Locking down a Hitachi ID Management Suite server

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    12-May-2015
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Organizations that are either considering deployment of Hitachi ID Password Manager or have already deployed it need to understand how to secure the Password Manager server. Password Manager is a sensitive part of an organization’s IT infrastructure and consequently must be defended by strong security measures. This document is intended to form the basis of a “best practices” guide for securing a Password Manager server. The objective of a secure Password Manager server is to have a reliable, high availability server which is difficult or impossible for users and intruders to compromise.

Transcript of Locking down a Hitachi ID Management Suite server

  • 1.Locking down a Hitachi ID Management Suite server 2014 Hitachi ID Systems, Inc. All rights reserved.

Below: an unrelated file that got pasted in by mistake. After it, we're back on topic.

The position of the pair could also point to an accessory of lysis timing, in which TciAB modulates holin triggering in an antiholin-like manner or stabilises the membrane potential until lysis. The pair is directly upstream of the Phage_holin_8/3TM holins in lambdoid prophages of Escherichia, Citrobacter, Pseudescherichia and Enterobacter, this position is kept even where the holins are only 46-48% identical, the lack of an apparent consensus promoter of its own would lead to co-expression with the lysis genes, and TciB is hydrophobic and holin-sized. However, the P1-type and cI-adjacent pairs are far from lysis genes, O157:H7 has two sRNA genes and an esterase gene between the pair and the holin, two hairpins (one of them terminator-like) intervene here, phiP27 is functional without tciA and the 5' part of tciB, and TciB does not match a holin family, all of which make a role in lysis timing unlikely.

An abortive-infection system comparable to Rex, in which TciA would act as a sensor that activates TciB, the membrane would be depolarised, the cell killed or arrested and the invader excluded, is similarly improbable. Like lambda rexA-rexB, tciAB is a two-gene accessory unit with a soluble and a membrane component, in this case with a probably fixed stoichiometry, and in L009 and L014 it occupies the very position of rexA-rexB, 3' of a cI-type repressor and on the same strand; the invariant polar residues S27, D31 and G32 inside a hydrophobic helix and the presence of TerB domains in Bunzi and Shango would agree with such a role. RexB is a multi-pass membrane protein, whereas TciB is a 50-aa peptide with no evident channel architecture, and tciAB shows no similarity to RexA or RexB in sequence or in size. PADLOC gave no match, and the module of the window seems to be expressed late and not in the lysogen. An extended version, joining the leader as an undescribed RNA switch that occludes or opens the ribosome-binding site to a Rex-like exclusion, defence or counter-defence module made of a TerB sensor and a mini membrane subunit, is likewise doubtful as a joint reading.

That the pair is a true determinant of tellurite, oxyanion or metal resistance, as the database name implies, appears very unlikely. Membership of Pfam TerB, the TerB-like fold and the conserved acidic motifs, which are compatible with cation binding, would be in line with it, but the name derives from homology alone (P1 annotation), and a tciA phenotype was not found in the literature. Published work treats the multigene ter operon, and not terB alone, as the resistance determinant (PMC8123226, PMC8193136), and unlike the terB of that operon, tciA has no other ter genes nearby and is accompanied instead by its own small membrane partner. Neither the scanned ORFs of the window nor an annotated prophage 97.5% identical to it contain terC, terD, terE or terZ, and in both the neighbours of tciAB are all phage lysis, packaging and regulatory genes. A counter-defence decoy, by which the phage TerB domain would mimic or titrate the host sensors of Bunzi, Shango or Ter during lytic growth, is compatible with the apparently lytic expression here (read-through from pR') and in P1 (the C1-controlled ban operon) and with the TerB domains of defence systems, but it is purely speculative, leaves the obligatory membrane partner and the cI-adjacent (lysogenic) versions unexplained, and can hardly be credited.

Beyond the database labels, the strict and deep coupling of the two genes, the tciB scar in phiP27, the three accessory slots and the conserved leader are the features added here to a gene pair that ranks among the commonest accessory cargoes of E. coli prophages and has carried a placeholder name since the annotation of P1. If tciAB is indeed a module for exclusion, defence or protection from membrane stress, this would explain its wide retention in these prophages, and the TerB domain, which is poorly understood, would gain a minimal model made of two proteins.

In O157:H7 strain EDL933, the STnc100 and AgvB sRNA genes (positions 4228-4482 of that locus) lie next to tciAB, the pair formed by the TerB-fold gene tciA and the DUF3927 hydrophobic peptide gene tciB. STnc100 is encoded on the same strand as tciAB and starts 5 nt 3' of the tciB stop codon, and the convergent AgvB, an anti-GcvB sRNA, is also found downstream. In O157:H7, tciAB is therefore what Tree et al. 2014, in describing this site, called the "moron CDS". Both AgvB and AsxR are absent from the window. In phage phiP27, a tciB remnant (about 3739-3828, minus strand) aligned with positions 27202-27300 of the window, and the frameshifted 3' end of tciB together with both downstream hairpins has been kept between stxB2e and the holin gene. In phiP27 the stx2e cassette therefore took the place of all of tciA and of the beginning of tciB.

2. Organizations that are either considering deployment of Hitachi ID Password Manager or have already deployed it need to understand how to secure the Password Manager server. Password Manager is a sensitive part of an organizations IT infrastructure and consequently must be defended by strong security measures. This document is intended to form the basis of a best practices guide for securing a Password Manager server. The objective of a secure Password Manager server is to have a reliable, high availability server which is difcult or impossible for users and intruders to compromise. Contents 1 Introduction 1 2 Basic precautions 2 3 Operating system 3 3.1 Authentication into the server . . . . . . . . . . . . . . . . . . . . . . . . . . . . . . . . . . . 3 3.1.1 Domain membership . . . . . . . . . . . . . . . . . . . . . . . . . . . . . . . . . . 3 3.1.2 Accounts . . . . . . . . . . . . . . . . . . . . . . . . . . . . . . . . . . . . . . . . . 3 3.2 Securing services . . . . . . . . . . . . . . . . . . . . . . . . . . . . . . . . . . . . . . . . . . 4 3.3 Network and session security . . . . . . . . . . . . . . . . . . . . . . . . . . . . . . . . . . . 5 3.3.1 Packet ltering . . . . . . . . . . . . . . . . . . . . . . . . . . . . . . . . . . . . . . 5 3.3.2 Harden the IP stack . . . . . . . . . . . . . . . . . . . . . . . . . . . . . . . . . . . 6 4 Web server 9 4.1 Apache . . . . . . . . . . . . . . . . . . . . . . . . . . . . . . . . . . . . . . . . . . . . . . . . 9 4.2 IIS (Internet Information Server) . . . . . . . . . . . . . . . . . . . . . . . . . . . . . . . . . . 9 4.2.1 Use separate NTFS partitions . . . . . . . . . . . . . . . . . . . . . . . . . . . . . 9 4.2.2 Remove non-essential web server content . . . . . . . . . . . . . . . . . . . . . . 10 4.2.3 Remove RDS registry keys . . . . . . . . . . . . . . . . . . . . . . . . . . . . . . . 11 4.2.4 Remove ODBC drivers . . . . . . . . . . . . . . . . . . . . . . . . . . . . . . . . . 11 4.2.5 Restrict IUSR and IWAM account permissions . . . . . . . . . . . . . . . . . . . . 12 5 Service packs 13 6 Communication defenses 14 7 Data protection 15 i 3. Locking down a Management Suite server 8 Auditing 16 9 Physical security 17 10 Conclusions 18 2014 Hitachi ID Systems, Inc. All rights reserved. 4. Locking down a Hitachi ID Management Suite server 1 Introduction Organizations that are either considering deployment of Hitachi ID Password Manager or have already deployed it need to understand how to secure the Password Manager server. Password Manager is a sensitive part of an organizations I.T. infrastructure and consequently must be defended by strong security measures. Password Manager houses sensitive data, which may include: Administrator credentials to target systems, which the Password Manager server uses to attach to target systems and reset user passwords. Support staff passwords, which may be used to log into user support screens in Password Manager. Personal user data, which may be managed by Password Manager and used to authenticate users when they need to access a self-service function, and have forgotten or locked out their password. It is important to protect both the Password Manager server itself and the data it contains. The remainder of this document is organized as follows: Basic precautions Some common-sense security precuations. Operating system How to congure a secure Windows server operating system for use with Password Manager. Web server How to select and congure a web server. Communication defenses How to protect the data transmitted into and out of each Password Manager server. Data protection How the data stored on each Password Manager server is protected. Auditing Why auditing is important. Physical Security Suggestions on how to control the physical access to the Password Manager server. Conclusions 2014 Hitachi ID Systems, Inc.. All rights reserved. 1 5. Locking down a Hitachi ID Management Suite server 2 Basic precautions Some of the most effective security measures are common sense: 1. Use a single-purpose server for Hitachi ID Password Manager. Sharing this server with other applica- tions introduces more complexity and more administrators, each of which carries its own incremental risk. 2. Use strong passwords for every administrative account on the server. 3. Maintain a current, well-patched operating system on the Password Manager server. This eliminates well-known bugs that have already been addressed by the vendor (Microsoft). 4. Keep the Password Manager server in a physically secure location. 5. Do not leave a login session open and unattended on the Password Manager servers console. 6. Place the Password Manager server on your internal network, rather than on the Internet, if this is at all possible in your environment. If required, you can still expose the Password Manager web UI to the Extranet using a reverse web proxy, such as Apache, or using a shadow instance program available at no extra charge from Hitachi ID Systems. 2014 Hitachi ID Systems, Inc.. All rights reserved. 2 6. Locking down a Hitachi ID Management Suite server 3 Operating system The rst step in conguring a secure Hitachi ID Password Manager server is to harden its operating system. Hitachi ID Systems suggests that Password Manager be installed on the Windows 2003 server operating system. The following are suggestions on how to lock down this operating system. 3.1 Authentication into the server Since the Hitachi ID Password Manager server contains sensitive information (please see Section 7 on Page 15 for how this information is stored), it makes sense to limit the number of users who can access its les. 3.1.1 Domain membership One way to limit the number of users who can access the Hitachi ID Password Manager server is to remove it from any Windows / Active Directory domains. When the Password Manager server is not a member of any domain, domain administrators are prevented from using their Windows credentials to attempt to compromise privileged credentials on other systems with which Password Manager has been integrated. Ensuring that the Password Manager server is not a domain member also reduces the risk of lockouts due to concurrent domain logins by the Password Manager server - some by the Password Manager software, and others by an administrator interactively logged into the servers console. 3.1.2 Accounts The Hitachi ID Password Manager setup program creates one local user on the Password Manager server, typically called psadmin. The account is, by default, a member of the local Administrators group. It is the only account needed by Password Manager. We recommend removing unused accounts, leaving just: psadmin - The Password Manager service account. One account to be used by the Password Manager administrator to log into the servers console. Note: Use the DENY NETWORK LOGON feature in the local security policy to protect the Administrator account against remote access attempts using brute force password attacks. If (and only if) required, one account to run an FTP service. If you need other accounts on the Password Manager server, then we recommend the following: 2014 Hitachi ID Systems, Inc.. All rights reserved. 3 7. Locking down a Hitachi ID Management Suite server Remove all guest account and Everyone access to resources. Do not increase the default level of access for the default USERS group. Do not assign les/directories to the EVERYONE group. Limit the number of administrator-level accounts needed to manage the system. As stated above, the Password Manager server only requires one administrator-level account. Remove the terminal services user account TsInternetUser if it is not needed. Additionally, a regular review of accounts, groups and group memberships should be carried out, to ensure that access permissions are appropriate. 3.2 Securing services An important way to secure a server on any platform is to reduce the amount of software that it runs. This eliminates potential sources of software bugs that could be exploited to violate the servers security. The following services, at most, are needed on the Hitachi ID Password Manager server: DNS Client - Required to resolve host names Event Log - Core O.S. component IIS Admin Service - Only required if IIS is used IPSEC Policy Agent - Core O.S. component Logical DiskManager - Core O.S. component Network Connections - Required to manage network interfaces Plug and Play - Hardware support Protected Storage - Core O.S. component Remote Procedure Call (RPC) - Core O.S. component Removable Storage - Required to open CD-ROM drives RunAs Service - Core O.S. security component Security Accounts Manager - Core O.S. security component TCP/IP NetBIOS Helper Service - Only required if directly managing Windows passwords Workstation - Only required if directly managing Windows passwords World Wide Web Publishing Service - Only required if IIS is used 2014 Hitachi ID Systems, Inc.. All rights reserved. 4 8. Locking down a Hitachi ID Management Suite server If additional services are required during implementation, then Hitachi ID Systems will notify organization. All other services should be disabled unless there is some specic reason (not related to Password Manager) to enable them. Once you have identied a minimum set of services for your server, save the list. Check which services are running after applying service packs and other operating system updates, and disable services as required to return to your original list. 3.3 Network and session security 3.3.1 Packet ltering The Hitachi ID Password Manager server can also take advantage of simple packet ltering services in Windows 2003, to block all inbound connections other than those to the web service, as shown in the gure below: Open ports are an exploitable means